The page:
How To (Really) Sell a Domain Name
As if finding decent domain names wasn’t hard enough! Knowing how, where, and when to sell your domain names is often the biggest challenge for a domainer. And no matter how good you are at it, everyone can use a few more tips.
These steps are taken from all over the net. We’re continually collecting the best information here, so check back often. If you have any additions, charges or tips to better sell domain names, please add a comment at the end.
Step 1- Basics for Most Names
As in the previous guide, the key to successful sales is successful promotion. In addition to the previous tips, for most quality names (i.e worth $50 or more) make sure you add “this domain may be for sale” to your whois details, parking pages, and mini-sites you may have for your names. It may be worth adding your names to a personal portfolio page (advertised on your signature at a domain forum), and to Sedo listings. This type of advertising works for itself, and the sooner you do it, the better.
Research other sold names by similar extensions, keywords or type – using DNSaleprice (all links in this article are on our front page). This will help you work out what your name’s approximate value is today, the best or extra sales venues to consider. It will also help you decide if the market is hot, or if you should develop or hold onto your names for a while. If you decide to get a paid or free evaluation of your name, check out the links on our homepage.
Step 2 – Planning
Identify the type of name you have, and the amount of time you want to sell it in.
A. Geo/ Generic Products and Services Names
SEO Keyword Names
Business’ Abbreviations Names
Highly Targeted Industry Words (like “Buywidgets.com”).
Contacting end users directly is generally best
B. Higher Value/ Quality Names (LLLL.com, CVCV, Pronounceable, etc)
C. Names with Specialist Characteristics, like unusual extensions, or adult names
Names generally suited for quick cheap deals to other resellers.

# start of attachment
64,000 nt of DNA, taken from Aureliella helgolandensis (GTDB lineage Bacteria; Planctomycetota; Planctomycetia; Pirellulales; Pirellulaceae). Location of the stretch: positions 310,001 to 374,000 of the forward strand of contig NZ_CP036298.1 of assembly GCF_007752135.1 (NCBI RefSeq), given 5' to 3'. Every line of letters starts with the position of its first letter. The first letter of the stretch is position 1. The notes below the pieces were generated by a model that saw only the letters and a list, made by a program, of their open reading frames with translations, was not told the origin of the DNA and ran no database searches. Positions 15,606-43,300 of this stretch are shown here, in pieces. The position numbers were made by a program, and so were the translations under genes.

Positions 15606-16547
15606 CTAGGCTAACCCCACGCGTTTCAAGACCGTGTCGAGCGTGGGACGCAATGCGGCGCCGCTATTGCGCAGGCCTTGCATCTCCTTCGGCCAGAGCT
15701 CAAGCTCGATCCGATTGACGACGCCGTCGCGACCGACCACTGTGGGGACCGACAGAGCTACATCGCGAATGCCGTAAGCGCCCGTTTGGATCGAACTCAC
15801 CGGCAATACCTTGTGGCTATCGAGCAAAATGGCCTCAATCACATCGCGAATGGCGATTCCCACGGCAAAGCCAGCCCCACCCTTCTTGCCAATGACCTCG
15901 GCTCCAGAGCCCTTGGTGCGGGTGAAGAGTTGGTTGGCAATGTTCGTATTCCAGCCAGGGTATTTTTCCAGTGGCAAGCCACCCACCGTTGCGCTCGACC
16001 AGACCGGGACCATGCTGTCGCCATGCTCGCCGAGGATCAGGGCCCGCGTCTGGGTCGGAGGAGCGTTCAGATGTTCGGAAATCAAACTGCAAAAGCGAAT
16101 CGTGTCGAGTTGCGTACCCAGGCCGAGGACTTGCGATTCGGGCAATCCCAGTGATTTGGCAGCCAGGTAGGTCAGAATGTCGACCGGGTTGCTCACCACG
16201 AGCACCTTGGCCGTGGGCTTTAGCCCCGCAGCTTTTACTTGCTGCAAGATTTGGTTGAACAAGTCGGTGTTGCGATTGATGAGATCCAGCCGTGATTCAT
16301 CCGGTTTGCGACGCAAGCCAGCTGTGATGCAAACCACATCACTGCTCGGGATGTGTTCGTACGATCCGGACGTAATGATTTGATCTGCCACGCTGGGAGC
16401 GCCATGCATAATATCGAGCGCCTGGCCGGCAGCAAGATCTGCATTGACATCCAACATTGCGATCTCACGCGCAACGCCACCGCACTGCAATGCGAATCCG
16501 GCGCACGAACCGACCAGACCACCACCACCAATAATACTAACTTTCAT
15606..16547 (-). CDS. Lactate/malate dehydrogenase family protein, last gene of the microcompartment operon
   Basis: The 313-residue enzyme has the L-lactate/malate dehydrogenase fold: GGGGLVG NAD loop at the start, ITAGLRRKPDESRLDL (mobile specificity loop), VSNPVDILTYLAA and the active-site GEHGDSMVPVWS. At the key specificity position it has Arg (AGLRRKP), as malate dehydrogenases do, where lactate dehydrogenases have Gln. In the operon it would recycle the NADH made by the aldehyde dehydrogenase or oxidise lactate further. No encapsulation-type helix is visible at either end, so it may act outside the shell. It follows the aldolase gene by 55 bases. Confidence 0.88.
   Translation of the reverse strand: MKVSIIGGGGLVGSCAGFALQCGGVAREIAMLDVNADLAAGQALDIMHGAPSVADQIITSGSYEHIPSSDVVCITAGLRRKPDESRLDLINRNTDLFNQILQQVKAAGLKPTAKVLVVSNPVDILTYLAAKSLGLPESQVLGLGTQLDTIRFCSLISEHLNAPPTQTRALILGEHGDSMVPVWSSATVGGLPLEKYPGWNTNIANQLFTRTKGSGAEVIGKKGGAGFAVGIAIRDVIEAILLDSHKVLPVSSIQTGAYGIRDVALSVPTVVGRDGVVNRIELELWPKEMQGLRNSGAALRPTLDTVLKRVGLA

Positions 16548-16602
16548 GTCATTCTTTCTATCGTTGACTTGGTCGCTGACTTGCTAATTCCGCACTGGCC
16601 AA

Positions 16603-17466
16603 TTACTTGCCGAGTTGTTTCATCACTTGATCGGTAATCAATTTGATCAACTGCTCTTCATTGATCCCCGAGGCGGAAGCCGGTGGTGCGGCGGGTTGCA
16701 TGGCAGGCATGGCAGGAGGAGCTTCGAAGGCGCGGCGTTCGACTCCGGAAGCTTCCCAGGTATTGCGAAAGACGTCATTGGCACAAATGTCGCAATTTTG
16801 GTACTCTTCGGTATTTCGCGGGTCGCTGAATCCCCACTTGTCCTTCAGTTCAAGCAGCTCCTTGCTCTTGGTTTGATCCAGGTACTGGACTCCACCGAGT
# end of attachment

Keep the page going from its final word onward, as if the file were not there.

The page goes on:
D. Wacky names
Names with trademark issues
Convoluted and superficially valuable sounding names
Dictionary.com domains (in a weird tense)
Close to expiry names or names at weird registrars
Might get lucky names.
E. Traffic Names
Cheaper Aged Names
Current Hot Names
Wanting a Quick Guaranteed Sale names
F. Poor Quality Names (you are thinking of perhaps dropping)
G. Medium or High Priced Names (that you want to sell faster and cheaper than Sedo, or medium priced names you want to try to sell higher than and stick out more than on Sedo)
H. Medium or High Priced Names – you want to sell higher than on Namepros but with more time to wait, and faster but perhaps lower than on Sedo
I. Medium quality names already at Moniker/Snapnames
The snapnames option is perhaps best for names already at Moniker/Snapnames, as you have to have your names transferred there to take part. They also charge 20%, which is another point to keep in mind.
J. Lesser quality names that don’t fit into any of the above categories
Best bet is perhaps to bundle them into a big job lot, and offer them for sale or auction at Namepros or Ebay. At Namepros you have the ability to allow offers/ sales on individual names, or give volume discounts.
Step 3 – Follow Your Plan
For End Users
Finding end-users isn’t always easy. Basically, you have to convince the user why they need your name, without sounding desparate to sell. One of the easiest places to find end users is by exploring the lower TLD’s, or by googling your keyphrase and cycling down the list. Otherwise use an online telephone book.
For more information read this thread.